The One Skill for Life

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    121 people had breakthroughs this week. Will the next one be you?

    Two things for you to think about

    We must read because it is the only way to truly know what it feels like to be in someone else’s mind.

    “Not all readers are leaders, but all leaders read.”
    — Harry S. Truman

    Reflect: Then consider sharing this thought with others.

    Two things for you to ask yourself

    Reading builds empathy. What have you read that has changed your perspective on life? What could you be reading that might change your perspective on life?

    Recommended: Use these as journaling prompts for the week.

    One thing for you to try this week

    Read something this week you wouldn’t normally read. Intentionally read something that could change your mind about something. Then let me know how it goes.

    Remember: Small changes lead to lasting breakthroughs. Reply to this email and let me know how it went for you.

    Last week’s breakthroughs

    In last week’s newsletter, I asked you to let go of the desire for revenge and validation and focus on your goals simply for the sake of your goals.

    Turns out this has been a lifelong struggle for Marie:

    Where were you with this message a few decades ago? I chose my educational goal in large part to prove the doubters and naysayers in my small hometown wrong. I was told by my high-school guidance counselor that I probably wouldn’t get accepted at my top two university choices. Not only did I do that and earned my bachelor’s degree at my first choice, I went on to graduate school.

    I completed my PhD and entered the job market right as academia was starting its slow slide into relying on adjunct instructors rather than full-time, tenure track faculty. I was so focused on proving the naysayers wrong that when I graduated, I had no idea what I wanted to do next.

    I’ve mostly floundered since then, trying and failing to get full-time work in my area of expertise. Recently, I decided to let all that go and pursue a different line of work. There will be challenges ahead, but it’s my passion and I am very good at it, so I’m trying to stay optimistic.

    Your email led me to realize that I’m still harboring some (okay, a lot of) anger toward those small-minded people, which will not help me in any way become the person I want to be. I will be proud of myself and very happy to land a job in my chosen field, and that’s what matters most.

    Mark (not me) let go of his desire for revenge and found staggering success as a result:

    Around 2018 I was asked to be on the board of a non-profit organization in my community. I didn’t want to do it, but I’m that guy who doesn’t know how to say no.

    Soon, it became obvious to all of the new board members that the older members had their own way of doing things. Some of it was unethical. When we spoke up against it, there were attempts at bullying and intimidating us into compliance. It didn’t work.

    Next thing you know, we were dragged into a frivolous lawsuit. It sucked because these were people I greatly admired. The case was settled, but friendships were ruined. I felt betrayed by these so-called leaders. Word got around to me that they were talking about me behind my back.

    I decided to strike back. I went right to work on a book to expose these people once and for all. The following problems emerged:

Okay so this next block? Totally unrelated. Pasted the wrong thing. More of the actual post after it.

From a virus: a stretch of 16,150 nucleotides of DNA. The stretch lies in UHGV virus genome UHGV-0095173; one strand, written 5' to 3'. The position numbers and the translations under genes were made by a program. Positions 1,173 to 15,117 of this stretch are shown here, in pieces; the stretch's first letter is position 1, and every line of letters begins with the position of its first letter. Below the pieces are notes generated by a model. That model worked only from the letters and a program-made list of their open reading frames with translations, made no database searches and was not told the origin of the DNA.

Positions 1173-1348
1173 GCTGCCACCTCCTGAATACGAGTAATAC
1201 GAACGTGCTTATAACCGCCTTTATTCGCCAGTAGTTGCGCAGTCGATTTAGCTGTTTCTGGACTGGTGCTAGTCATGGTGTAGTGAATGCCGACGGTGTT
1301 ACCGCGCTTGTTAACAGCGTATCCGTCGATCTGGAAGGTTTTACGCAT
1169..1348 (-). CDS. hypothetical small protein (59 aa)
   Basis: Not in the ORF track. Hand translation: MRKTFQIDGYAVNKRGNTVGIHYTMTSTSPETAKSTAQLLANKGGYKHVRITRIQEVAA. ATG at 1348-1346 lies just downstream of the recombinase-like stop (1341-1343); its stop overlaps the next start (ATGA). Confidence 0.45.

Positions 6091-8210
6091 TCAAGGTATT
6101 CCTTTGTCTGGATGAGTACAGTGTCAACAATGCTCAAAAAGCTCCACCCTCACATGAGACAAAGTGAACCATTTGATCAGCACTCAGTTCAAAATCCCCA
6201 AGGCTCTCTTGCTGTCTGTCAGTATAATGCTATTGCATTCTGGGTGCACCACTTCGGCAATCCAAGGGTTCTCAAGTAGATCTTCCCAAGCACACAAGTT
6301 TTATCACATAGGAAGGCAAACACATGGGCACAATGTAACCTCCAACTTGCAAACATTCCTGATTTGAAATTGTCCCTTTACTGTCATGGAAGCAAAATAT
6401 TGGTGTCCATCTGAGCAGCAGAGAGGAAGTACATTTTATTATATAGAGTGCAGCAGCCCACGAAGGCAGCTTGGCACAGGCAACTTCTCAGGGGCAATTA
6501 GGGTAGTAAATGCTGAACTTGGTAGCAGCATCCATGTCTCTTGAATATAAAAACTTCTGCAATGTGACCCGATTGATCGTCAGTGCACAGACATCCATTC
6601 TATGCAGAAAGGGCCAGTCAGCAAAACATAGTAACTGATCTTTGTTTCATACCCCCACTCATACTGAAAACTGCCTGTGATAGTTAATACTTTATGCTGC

1) Writing nasty stuff doesn’t feel good. When you rehash awful events in your mind, your body reacts as if they’re happening now. I’d get headaches and my blood pressure spiked. I gained weight. I felt like crap.

    2) My mind spiraled. What if I did such a great job exposing these people that they sued me again? Did I want another round in the legal system?

    3) If I told the whole story, it would not only hurt them, but also the people around them. Their friends, their families… dammit. I’m too softhearted for this.

    All of the above resulted in one half-assed chapter and a major case of writer’s block. I also had a bad case of woulda coulda shoulda because I’m an introvert who takes a while to think things over. In fact, one of the old board members actually disparaged me for being ‘too quiet.’ As if it was a weakness.

    I decided to turn my weakness into a strength. I let go of the board situation and instead had a great time writing about the very real (and sometimes funny) issues that affect introverts. The book turned out to be a great success.

    When you hold a grudge, you hold back yourself. Let go and move on. You’ll thank yourself later.

    Finally, another reader is realizing she can do just that… let go:

    I realized that a lot of what I do is to prove it to my husband because being the oldest child in my family I always got the attention. Now that he’s in the picture it’s difficult to come to terms with the attention being diverted. Plus, he’s a high achiever as well. So that always feels like a threat and I end up taking bigger projects to level with him. It doesn’t help that we work in the same industry.

    This week’s email gave me insight on these hard facts. It has definitely affected my relationship with him and my relationship with work. I tend to dread going to work without realizing why and this may be the reason. The career I have built has been based on someone else and it was never bound to last.

    My goal is to pursue what I love most, helping others, so maybe I’ll join an NGO. Then I’ll focus on raising a family and taking care of the home a bit more. It’s time to give in to the strange pull of what I enjoy doing.

    As always, send your breakthroughs by simply replying to this email. Let me know if you’d prefer to remain anonymous.

    Until next week,

    Mark Manson

    #1 New York Times Bestselling Author
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